The stability in the presence of various intestinal proteases (pepsin, chymotrypsin, and trypsin) was evaluated in accordance with a previously described method (Jang et al., 2016), with a slight modification in accordance with a report by Lu et al. (2010). Briefly, 0.2 mL of 0.1% sample was mixed with 0.2 mL of 0.01% (w/v) pepsin in the presence of 0.1 M KCl-HCl (pH 2.0) or 0.01% (w/v) chymotrypsin and trypsin in 0.1 M K3PO4 (pH 8.0). The solution was incubated at 37°C for 4 h and then neutralized to pH 7.0 with 0.1 N HCl or NaOH to terminate the reaction. The neutralized solution was centrifuged (10,000 ×g, 30 min), and the antioxidant activity of the supernatant was measured. The stability of the pepsin digest was investigated against continuous digestion by chymotrypsin and trypsin. The pepsin digest was evaporated using the R-124 vacuum evaporator (Buchi, Flawil, Switzerland) and dissolved in 0.2 mL of distilled water. Chymotrypsin and trypsin (0.005% w/v) were added to the mixture and then incubated at 37°C for 4 h. Next, the mixture was adjusted to pH 7.0 with 0.1 N HCl or NaOH to terminate the reaction, and the antioxidant activity was measured.
PAP1 and PAP2 stability under the conditions of heat, pH, and intestinal protease treatments was evaluated by comparing the pre- and post-treatment results. Stability (%) was calculated as (antioxidant activity of sample / antioxidant activity of control) × 100.
All results are expressed as the mean±standard deviation according to the experiments conducted in triplicate. Differences between means of each group were assessed by one-way analysis of variance, followed by the Duncan’s test, both of which were carried out using SPSS ver. 23.0 software (SPSS Inc., Chicago, IL, USA). The statistical significance was set at p<0.05.
Results and discussion
The antioxidant activities of PAP1 and PAP2 were measured and compared with those of the positive controls such as ascorbic acid, catechin, trolox, and butylated hydroxytoluene (BHT). The DPPH radical scavenging activity results are shown in Fig. 1A. The DPPH radical scavenging activities of PAP1, PAP2, ascorbic acid, catechin, trolox, and BHT were 53.8%, 48.13%, 66.36%, 72.38%, 68.34%, and 70.04%, respectively, at 0.1 mg/mL. The DPPH radical scavenging activities of PAP1 and PAP2 were slightly lower than those of antioxidants, but exceeded 48%. As shown in Fig. 1B, PAP1 and PAP2 effectively scavenged ABTS radicals at levels of 67.84% and 78.14%, respectively, at 0.1 mg/mL. As can be seen in Fig. 1C, the reducing power was in the following order: catechin > ascorbic acid > PAP2 > PAP1 > Trolox > BHT. It is worth noting that the reducing powers of PAP1 (0.433) and PAP2 (0.56) at 1 mg/mL were higher than those of trolox (0.4) and BHT (0.262) at 0.1 mg/mL. The results of comparative analyses with the positive controls indicate that the antioxidant capabilities of PAP1 and PAP2 are reasonably high. Thus, purified peptides from PSM protein may be applied as natural antioxidants in the development of functional foods.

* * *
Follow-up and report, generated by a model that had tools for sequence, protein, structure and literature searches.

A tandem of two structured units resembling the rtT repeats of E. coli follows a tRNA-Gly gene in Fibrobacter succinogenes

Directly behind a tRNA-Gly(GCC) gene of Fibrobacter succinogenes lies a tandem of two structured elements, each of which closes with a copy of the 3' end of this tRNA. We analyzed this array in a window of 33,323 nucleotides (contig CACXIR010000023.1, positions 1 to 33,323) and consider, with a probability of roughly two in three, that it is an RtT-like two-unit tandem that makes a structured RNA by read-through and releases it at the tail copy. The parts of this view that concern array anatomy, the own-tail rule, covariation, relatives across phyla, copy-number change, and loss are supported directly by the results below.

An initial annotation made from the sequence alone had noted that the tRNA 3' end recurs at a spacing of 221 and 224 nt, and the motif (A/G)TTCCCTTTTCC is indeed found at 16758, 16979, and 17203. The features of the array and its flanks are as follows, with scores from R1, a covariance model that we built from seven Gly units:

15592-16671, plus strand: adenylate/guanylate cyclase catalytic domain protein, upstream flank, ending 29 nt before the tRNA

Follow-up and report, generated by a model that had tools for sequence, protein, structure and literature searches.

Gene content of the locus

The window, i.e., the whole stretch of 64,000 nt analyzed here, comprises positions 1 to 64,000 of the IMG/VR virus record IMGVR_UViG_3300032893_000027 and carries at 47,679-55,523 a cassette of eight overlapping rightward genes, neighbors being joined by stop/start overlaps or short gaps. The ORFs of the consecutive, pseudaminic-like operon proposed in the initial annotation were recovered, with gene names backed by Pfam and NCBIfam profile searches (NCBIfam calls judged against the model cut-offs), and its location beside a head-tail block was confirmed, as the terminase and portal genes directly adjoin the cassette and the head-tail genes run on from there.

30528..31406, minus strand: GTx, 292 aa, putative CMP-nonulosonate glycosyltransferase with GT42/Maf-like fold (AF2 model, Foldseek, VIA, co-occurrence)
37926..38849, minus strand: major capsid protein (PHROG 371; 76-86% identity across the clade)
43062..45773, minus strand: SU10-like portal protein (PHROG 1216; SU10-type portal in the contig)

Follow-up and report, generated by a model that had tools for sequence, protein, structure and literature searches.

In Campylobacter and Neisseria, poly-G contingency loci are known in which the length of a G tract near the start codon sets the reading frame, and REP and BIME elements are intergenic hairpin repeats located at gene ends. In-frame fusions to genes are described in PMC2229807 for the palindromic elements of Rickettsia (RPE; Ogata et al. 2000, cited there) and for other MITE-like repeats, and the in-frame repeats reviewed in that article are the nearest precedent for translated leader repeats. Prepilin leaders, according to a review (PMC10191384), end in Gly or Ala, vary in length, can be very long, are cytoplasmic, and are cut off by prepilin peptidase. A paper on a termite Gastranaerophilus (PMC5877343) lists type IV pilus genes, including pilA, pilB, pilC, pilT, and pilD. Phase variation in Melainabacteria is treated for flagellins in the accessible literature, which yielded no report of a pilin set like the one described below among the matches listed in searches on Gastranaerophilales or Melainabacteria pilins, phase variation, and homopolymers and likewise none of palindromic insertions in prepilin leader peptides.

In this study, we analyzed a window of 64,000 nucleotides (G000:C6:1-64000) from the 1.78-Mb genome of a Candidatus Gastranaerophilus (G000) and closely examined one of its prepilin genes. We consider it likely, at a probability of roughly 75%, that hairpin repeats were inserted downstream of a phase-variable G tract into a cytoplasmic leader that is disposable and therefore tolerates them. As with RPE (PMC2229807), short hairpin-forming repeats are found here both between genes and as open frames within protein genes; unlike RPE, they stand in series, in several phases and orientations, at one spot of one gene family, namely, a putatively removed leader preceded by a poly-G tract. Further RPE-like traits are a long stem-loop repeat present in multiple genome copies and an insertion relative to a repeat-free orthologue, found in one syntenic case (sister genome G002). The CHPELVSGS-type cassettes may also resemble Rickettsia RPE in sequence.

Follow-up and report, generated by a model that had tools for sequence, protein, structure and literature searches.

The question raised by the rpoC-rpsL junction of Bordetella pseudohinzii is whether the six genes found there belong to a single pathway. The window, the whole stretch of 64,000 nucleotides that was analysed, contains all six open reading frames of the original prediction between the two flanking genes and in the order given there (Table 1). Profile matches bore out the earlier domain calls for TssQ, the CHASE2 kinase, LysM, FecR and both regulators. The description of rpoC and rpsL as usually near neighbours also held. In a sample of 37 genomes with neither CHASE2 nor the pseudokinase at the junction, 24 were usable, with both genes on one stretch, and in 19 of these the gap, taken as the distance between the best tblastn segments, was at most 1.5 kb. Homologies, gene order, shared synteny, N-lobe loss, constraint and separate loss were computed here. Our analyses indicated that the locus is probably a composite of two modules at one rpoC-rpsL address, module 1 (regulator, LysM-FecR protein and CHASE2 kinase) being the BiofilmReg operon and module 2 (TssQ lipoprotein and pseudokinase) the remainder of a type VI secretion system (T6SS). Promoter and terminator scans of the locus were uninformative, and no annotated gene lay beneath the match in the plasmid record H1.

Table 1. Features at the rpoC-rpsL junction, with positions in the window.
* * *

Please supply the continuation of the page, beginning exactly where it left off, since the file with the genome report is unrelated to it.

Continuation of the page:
The antioxidant stability of heat-treated purified peptides must be considered in the preparation of food with functional peptides because heat treatment is a common food-processing technology (Djagny et al., 2001; Sheih et al., 2009; Wu and Ding, 2002). To investigate the thermal stability of PAP1 and PAP2, the antioxidant activity measured after they were incubated at 30-90°C was compared to that of the corresponding control, which was not subjected to heat treatment. The antioxidant stability was evaluated by measuring the DPPH and ABTS radical scavenging activity and determining the reducing power. As shown in Fig. 2A, the DPPH radical scavenging activity of the heat-treated PAP1 was not significantly different from that of the control, except in the case of the 90°C treatment. Alternatively, applying a heat treatment to PAP1 slightly enhanced the ABTS radical scavenging activity, indicating better heat resistance. However, the reducing power of heat-treated PAP1 tended to be slightly lower than that of the control; nonetheless, it retained over 90% of its original activity. The antioxidant stability results for PAP2 exposed to different heat-treatment temperatures are shown in Fig. 2B. Although the DPPH radical scavenging activity of PAP2 tended to decrease as the heat-treatment temperature increased, the difference between the values for the control and heat-treated samples was not significant at higher temperatures (i.e., 30°C and 50°C). A similar trend was observed for the ABTS radical scavenging activity. As the temperature increased, the ABTS radical scavenging activity of PAP2 began to gradually decrease; The PAP2 reducing power results revealed that 79.73%, 84.83%, 82.84%, and 84.45% capability was maintained at 30°C, 50°C, 70°C, and 90°C, respectively; these levels were found to be significantly lower than that of the control (p<0.05). These results are consistent with those reported by Wu and Ding (2002), who reported the satisfactory heat resistance of soy-derived biological peptides. In another study, Sheih et al. (2009) found that a peptide from algae protein waste retained all of its bioactivity capabilities, which is consistent with the results of this study. Extremely high temperatures are the primary cause of protein denaturation because they can affect the secondary structure (Gallego et al., 2018; Zhu et al., 2014). Moreover, although most low-molecular-weight peptides do not have tertiary and quaternary structures, they can form secondary structures, which strongly influence antioxidant activity. The purified antioxidant peptides extracted from PSM protein in this study were found to have good thermal stability after being subjected to heat treatments.